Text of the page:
Fr.: vent agéostrophique
Meteo.: The wind component deviating from the → geostrophic wind in the absence of the → geostrophic balance. In other words, ageostrophic wind is the difference between the true wind and the geostrophic wind.
rowzanehâ-ye javvi (#)
Fr.: fenêtres atmosphériques
Gaps in → atmospheric absorption, allowing a range of electromagnetic wavelengths to pass through the atmosphere and reach the Earth.
Fr.: fenêtre de Baade
An area of the sky with relatively low amounts of → interstellar dust along the → line of sight, occurring toward the → constellation of → Sagittarius, near the → globular cluster NGC 6522. The window, through which stars in the → Galactic bulge are visible, lies 3.9 degrees south of the → Galactic center, corresponding to a line of sight that passes within 1,800 → light-years of the → Milky Way's core. It is named after Walter Baade, who used it to observe → RR Lyrae stars in the → Galactic bulge region.
Fr.: vent grumelé
A → radiation-driven wind of → Wolf-Rayet and → O stars, which is not homogeneous, and contains compressions and rarefactions in the form of density clumps. Observationally, wind clumping appears as moving, small-scale structures in spectral line profiles. Indirect indicators of wind clumping include: electron scattering wings of emission lines, too-weak observed UV line profiles, and shapes of X-ray lines. The most likely physical explanation for the presence of these clumps is an instability in radiatively-driven winds. The inclusion of a clumping factor in the models of W-R winds reduces the → mass loss rates by a factor ~ 2-4 relative to homogeneous models. See also → clumping factor.
Fr.: vent induit par continuum
The transfer of photon momentum to free electrons. The acceleration by → continuum emission can be given by: ac = (σ/m)(L*/4πR2c), where σ is the → Thomson scattering → cross section, m is the mass per free electron, L* is → stellar luminosity, R* is radius, and c the → speed of light. The ratio of ac to the → surface gravity is ≅ 2 × 10-5L*/M*, with M* and L* in solar units. The atmosphere is is stable if ac very smaller than ggrav. If L* is above the → Eddington limit, the radiation pressure in the continuum leads to very heavy → mass loss and thus to expanding envelopes (K.S. de Boer & W. Seggewiss, 2008, Stars and Stellar Evolution, EDP Sciences).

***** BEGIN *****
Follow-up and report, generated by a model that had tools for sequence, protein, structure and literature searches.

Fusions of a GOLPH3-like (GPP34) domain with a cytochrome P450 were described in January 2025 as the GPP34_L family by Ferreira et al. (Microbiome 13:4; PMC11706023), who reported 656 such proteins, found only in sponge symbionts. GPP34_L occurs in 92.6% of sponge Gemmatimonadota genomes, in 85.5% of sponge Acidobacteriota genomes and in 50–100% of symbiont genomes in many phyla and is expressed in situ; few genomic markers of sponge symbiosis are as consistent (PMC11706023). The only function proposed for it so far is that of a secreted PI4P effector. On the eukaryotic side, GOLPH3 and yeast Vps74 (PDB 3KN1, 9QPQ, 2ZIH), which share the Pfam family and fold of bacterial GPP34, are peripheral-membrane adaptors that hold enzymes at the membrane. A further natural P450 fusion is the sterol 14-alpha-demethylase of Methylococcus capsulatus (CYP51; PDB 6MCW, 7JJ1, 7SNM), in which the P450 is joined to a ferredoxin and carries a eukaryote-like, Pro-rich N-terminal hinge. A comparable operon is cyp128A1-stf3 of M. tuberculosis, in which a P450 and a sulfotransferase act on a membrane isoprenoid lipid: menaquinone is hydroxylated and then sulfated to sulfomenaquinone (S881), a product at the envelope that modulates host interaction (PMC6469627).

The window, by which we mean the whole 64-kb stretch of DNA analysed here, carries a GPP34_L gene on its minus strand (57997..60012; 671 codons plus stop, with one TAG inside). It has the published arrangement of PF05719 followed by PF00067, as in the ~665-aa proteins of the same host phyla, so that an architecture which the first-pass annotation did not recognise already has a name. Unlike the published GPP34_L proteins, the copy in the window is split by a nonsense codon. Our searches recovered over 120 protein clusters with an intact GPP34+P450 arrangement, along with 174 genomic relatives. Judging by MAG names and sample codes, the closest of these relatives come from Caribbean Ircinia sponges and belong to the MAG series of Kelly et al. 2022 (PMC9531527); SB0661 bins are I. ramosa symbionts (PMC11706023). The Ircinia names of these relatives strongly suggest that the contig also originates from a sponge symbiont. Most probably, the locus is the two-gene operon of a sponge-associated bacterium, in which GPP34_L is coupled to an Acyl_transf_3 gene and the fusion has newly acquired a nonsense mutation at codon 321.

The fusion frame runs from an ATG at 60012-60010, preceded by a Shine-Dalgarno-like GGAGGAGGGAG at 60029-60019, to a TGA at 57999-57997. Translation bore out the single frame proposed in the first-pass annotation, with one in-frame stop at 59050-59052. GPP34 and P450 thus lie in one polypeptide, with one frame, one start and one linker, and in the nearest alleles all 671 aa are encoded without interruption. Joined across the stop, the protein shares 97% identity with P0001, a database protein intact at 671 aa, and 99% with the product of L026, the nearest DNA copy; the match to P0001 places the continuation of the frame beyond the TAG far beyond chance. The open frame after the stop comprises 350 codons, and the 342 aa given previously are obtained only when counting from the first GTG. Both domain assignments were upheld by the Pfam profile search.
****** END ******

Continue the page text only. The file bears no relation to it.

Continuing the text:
Fr.: vent de disque
In → magnetocentrifugal models of → protostars, the wind arising from a significant range of radii in the → accretion disk. The contribution from innermost parts of the disk is dealt with by the → X-wind model. (Königl A. and Pudritz R. E., 2000, In Protostars and Planets IV, V. Mannings, et al. (eds.), Tucson: Univ. Arizona Press, p. 759).
Fr.: vent induit par poussière
A → stellar wind generated by the action of → radiation pressure on dust grains. This occurs in the case of cool stars, such as → AGB stars, with → effective temperatures below 2500 K when the density is sufficiently large. Since dust is a very good continuum absorber, the dust grains will be radiatively accelerated outward.
Fr.: vent équatorial
A slow, dense → stellar wind (high → mass loss rate) emanating from equatorial regions of a → B[e] star. The equatorial and → polar winds are the two main wind components in B[e] stars. The mechanism suggested to explain this wind morphology is the rotationally induced → bistability mechanism.
Fr.: vent galactique